Endorsement and certification of brands have hit the mainstream, being used by both small firms and large multinationals in multiple product categories. Even old established global brands, such as Cadbury Dairy and Kit Kat chocolate created by Quaker businesses, are being offered with a certification label – the Fairtrade label. But what purpose do these certification labels serve? Who are they benefiting? When did this practice develop?
The Fairtrade label has two main aims: to help marginalised suppliers of raw materials in the developing world move from a position of vulnerability to one of security and economic efficiency; and to mobilise consumers in the developed world to make purchasing decisions based on trust and charity, relying on the direct certification of products by trusted third parties. The Fairtrade certification label is associated with the Fair trade movement which developed from the 1970s.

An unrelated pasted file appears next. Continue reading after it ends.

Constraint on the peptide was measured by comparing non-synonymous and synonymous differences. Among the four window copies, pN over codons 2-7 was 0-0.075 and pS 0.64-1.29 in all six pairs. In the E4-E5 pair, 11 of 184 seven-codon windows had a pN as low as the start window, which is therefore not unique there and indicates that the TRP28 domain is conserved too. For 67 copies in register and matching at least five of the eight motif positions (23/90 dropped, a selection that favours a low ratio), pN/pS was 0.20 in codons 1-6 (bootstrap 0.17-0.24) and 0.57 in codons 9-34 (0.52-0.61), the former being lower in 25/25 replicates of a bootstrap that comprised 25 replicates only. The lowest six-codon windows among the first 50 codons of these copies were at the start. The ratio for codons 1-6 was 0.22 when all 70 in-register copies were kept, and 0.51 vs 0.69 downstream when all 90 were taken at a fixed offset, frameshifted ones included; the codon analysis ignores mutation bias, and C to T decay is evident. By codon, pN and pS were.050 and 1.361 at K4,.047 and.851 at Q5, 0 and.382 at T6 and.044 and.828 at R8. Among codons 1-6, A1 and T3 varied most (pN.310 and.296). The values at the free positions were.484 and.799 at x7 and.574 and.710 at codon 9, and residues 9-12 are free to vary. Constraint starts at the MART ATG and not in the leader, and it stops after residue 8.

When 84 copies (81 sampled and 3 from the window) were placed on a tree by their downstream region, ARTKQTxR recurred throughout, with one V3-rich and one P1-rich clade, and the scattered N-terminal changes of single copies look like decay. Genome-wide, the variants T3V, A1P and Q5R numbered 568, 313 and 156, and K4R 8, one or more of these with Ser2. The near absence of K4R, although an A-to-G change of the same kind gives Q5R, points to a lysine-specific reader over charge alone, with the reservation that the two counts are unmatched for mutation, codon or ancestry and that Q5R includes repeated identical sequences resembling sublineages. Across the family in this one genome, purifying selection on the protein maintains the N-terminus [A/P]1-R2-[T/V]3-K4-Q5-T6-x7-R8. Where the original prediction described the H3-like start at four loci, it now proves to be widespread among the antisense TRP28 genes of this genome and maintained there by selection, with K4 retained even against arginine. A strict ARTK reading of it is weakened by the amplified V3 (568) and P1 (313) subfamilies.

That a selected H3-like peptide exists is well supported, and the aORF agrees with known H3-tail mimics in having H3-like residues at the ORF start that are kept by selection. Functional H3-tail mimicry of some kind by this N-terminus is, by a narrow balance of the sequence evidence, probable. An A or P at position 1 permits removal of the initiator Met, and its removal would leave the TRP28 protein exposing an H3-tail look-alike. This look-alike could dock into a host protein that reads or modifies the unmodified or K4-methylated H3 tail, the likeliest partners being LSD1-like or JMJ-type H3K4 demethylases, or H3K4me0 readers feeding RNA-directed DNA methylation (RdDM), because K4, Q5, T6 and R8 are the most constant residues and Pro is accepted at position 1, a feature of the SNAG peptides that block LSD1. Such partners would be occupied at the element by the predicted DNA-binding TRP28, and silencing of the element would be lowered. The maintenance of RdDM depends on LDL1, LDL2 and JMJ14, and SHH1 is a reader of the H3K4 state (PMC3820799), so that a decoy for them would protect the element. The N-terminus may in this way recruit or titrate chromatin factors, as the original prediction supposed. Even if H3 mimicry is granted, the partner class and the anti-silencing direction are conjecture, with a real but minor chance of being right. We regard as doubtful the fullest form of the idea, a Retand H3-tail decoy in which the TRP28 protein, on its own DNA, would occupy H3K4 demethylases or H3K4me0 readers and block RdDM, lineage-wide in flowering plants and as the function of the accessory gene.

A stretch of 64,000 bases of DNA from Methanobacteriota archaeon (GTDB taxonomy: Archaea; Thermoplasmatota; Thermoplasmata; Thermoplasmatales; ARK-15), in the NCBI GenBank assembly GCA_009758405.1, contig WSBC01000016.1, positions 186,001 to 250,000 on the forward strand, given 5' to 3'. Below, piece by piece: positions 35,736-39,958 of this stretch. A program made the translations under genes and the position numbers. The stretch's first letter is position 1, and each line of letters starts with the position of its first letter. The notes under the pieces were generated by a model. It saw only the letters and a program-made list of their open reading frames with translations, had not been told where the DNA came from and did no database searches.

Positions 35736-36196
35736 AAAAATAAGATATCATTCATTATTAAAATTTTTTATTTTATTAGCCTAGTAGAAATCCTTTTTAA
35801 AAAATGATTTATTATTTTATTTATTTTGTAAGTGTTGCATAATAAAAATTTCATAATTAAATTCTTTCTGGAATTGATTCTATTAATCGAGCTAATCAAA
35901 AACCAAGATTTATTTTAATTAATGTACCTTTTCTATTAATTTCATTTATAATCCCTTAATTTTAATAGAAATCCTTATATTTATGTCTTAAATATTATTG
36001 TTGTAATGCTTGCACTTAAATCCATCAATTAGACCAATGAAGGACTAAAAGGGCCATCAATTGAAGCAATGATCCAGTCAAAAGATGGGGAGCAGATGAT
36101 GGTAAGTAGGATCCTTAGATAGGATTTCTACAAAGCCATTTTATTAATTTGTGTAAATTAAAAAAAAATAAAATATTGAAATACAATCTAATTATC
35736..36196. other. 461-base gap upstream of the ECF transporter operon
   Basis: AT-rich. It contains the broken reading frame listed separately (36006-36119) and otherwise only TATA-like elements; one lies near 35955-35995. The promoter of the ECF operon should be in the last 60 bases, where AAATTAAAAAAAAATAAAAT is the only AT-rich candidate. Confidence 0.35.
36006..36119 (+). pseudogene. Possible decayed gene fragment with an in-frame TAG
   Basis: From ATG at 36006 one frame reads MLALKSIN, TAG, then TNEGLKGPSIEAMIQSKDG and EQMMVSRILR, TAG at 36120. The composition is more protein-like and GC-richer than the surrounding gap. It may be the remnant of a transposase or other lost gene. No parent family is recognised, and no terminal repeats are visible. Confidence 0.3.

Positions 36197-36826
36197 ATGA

Very few earlier forms of fair trade are known, with the exception of the boycott of slave-produced sugar from 1791 where British Quakers, as part of the abolitionist movement, which encouraged consumers to switch from sugar to honey or to buy sugar from the East Indies, which was free from slavery. This research draws on the two principles used in fair trade — concerned with improving lives in developing countries, and with mobilising consumers in the developed world — to investigate earlier forms of fair trade in the developing world, and also the endorsement practices of brands in the developed world before the 1970s.
Quakers were Christian puritans that dissented from both the Roman Catholic Church and the established Church of England. Despite being a minority of the population, they dominated business in the eighteenth century, and were behind many of the great innovations which led to the industrial revolution. Before the twentieth century, the business and management practices of British Quaker businesses were more advanced than other companies. They considered that wealth for its own sake was a sin, and work for its own sake a virtue and an end in itself; products had to be beneficial and useful to society and of good quality; prices had to be fixed and fair; and delivery dates had to be respected.